By Attorney Farhad Sethna © 2014
Effective May 5, 2014, any applicant for naturalization (U.S. citizenship) will be required to file the new version of Form N-400, which has a revision date of September 13, 2013. Until May 2, 2014, the USCIS will continue to accept older versions of the Form N-400.
What are some of the salient changes in the new Form N-400?
Rather than go through each and every change, including simple stylistic or mechanical changes, I am concentrating only on changes that I believe have a bearing on the material aspects of the application- that is, whether a particular answer will result in a grant or denial, and whether or not answer those questions in a particular fashion might lead not only to denial of the application but potentially deportation.
Accordingly, some of the material changes that I see in the application are the following:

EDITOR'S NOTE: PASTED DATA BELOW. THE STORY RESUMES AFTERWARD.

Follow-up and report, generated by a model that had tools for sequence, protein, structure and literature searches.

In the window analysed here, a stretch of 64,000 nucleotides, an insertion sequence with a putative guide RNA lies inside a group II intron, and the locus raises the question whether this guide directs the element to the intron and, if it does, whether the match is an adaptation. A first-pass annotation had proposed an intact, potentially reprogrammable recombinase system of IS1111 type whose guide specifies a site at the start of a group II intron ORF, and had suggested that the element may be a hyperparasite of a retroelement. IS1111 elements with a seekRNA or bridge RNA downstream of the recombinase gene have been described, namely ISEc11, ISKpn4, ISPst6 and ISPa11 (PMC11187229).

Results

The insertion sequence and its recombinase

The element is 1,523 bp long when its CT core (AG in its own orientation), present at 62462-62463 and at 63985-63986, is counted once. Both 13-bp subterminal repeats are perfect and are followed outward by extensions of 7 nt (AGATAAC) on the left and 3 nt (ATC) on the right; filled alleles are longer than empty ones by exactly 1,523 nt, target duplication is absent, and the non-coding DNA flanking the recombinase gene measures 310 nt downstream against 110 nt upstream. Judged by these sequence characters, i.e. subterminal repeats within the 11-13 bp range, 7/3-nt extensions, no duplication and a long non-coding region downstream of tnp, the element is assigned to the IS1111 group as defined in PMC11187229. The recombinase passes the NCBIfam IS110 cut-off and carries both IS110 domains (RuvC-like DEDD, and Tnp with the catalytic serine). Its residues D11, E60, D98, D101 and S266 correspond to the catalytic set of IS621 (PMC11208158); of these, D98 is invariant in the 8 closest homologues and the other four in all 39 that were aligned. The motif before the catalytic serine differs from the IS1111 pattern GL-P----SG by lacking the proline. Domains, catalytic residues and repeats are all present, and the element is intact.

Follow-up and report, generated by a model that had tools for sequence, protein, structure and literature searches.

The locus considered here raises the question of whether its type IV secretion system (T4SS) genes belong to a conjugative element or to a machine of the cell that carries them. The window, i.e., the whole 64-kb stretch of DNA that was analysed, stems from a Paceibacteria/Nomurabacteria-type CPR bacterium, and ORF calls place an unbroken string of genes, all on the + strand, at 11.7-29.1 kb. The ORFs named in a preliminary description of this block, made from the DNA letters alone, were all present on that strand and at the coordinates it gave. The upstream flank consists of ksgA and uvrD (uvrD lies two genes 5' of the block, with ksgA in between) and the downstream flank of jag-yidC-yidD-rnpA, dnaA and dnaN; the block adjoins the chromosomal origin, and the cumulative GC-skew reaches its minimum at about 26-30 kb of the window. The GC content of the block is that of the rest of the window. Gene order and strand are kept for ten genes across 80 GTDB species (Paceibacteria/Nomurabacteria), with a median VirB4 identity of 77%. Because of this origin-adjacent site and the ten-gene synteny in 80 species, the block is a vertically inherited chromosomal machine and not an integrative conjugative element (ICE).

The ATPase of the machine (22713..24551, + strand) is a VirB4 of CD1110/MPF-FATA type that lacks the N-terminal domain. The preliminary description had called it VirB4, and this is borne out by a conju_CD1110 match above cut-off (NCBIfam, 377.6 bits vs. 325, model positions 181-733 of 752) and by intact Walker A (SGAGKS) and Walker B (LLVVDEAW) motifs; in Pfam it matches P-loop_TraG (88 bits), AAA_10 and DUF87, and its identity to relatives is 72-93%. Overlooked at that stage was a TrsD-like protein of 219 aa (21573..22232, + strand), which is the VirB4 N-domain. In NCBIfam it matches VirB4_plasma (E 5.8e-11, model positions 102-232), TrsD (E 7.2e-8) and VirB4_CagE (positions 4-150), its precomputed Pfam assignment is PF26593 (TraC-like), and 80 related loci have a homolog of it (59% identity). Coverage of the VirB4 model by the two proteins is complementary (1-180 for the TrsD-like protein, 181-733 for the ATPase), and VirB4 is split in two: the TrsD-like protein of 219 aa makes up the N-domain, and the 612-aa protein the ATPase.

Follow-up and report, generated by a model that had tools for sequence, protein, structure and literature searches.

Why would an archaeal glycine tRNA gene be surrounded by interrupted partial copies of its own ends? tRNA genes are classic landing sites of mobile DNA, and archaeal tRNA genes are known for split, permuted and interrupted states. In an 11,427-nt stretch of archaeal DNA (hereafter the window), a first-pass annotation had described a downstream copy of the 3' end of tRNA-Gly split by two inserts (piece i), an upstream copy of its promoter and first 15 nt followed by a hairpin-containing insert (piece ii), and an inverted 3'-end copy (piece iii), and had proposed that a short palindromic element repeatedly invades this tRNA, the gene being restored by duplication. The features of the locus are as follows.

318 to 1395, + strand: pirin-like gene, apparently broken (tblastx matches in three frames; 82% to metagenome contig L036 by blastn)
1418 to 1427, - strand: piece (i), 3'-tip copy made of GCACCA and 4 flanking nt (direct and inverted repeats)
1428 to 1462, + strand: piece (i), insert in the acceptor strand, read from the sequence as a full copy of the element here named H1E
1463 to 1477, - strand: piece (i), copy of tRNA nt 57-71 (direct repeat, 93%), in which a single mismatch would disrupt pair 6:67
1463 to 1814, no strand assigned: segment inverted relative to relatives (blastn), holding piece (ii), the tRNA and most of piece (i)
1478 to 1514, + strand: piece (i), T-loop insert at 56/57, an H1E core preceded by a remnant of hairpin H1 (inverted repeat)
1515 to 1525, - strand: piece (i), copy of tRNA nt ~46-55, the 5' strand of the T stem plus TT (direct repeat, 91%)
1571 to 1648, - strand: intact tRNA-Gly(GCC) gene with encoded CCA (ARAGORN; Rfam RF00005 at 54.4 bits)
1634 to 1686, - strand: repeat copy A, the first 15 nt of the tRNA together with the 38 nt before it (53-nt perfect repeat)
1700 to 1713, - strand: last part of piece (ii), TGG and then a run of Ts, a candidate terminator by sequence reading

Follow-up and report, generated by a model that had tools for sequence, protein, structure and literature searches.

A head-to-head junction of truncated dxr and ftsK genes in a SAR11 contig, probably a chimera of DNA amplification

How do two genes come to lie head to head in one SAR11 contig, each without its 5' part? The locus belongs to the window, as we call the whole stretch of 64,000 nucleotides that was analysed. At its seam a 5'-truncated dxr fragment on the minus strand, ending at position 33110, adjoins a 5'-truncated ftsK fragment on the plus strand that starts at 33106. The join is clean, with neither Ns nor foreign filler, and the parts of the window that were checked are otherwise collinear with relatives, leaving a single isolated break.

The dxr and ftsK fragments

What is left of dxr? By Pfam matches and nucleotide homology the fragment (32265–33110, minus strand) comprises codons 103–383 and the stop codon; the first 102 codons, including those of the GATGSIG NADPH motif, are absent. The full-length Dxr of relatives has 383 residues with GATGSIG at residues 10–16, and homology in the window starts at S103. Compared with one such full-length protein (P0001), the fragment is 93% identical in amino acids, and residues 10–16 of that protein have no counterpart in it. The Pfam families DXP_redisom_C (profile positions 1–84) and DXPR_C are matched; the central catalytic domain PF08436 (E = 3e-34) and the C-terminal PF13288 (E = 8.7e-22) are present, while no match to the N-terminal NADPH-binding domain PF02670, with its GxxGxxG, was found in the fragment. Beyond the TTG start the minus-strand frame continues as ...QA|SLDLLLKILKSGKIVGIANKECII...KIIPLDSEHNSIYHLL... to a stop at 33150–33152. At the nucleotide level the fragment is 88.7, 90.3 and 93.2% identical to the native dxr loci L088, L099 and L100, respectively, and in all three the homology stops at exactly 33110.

1. Section on former spouses:
The new form has a much expanded section on former spouses, both of the applicant as well as his or her current spouse. Obviously, one of the concerns here is to determine whether the applicant or current spouse has ever been “serial” immigration sponsors. That is, sponsoring multiple spouses, one after the other, which might indicate a pattern of possible immigration fraud.
2. Greater space for biographic information:
The form has been made much longer (21 pages) by the addition of expanded biographic information sections. For example, in the old form, both the prior residential history and the employment history occupied two short tables on just one page. Now, each of those tables has been expanded, and each line in the table is its own separate subsection or part. Consequently, there are many more fields on the new Form N-400.
3. Convoluted language:
The Form N-400 generally does a good job of presenting questions in an easy to understand fashion. However, beware of Part 11, question 7A: “Have you EVER not filed a federal, state, or local tax return since you became a permanent resident?”
And then question 7B asks: “If yes, did you consider yourself to be a non-U.S. resident?”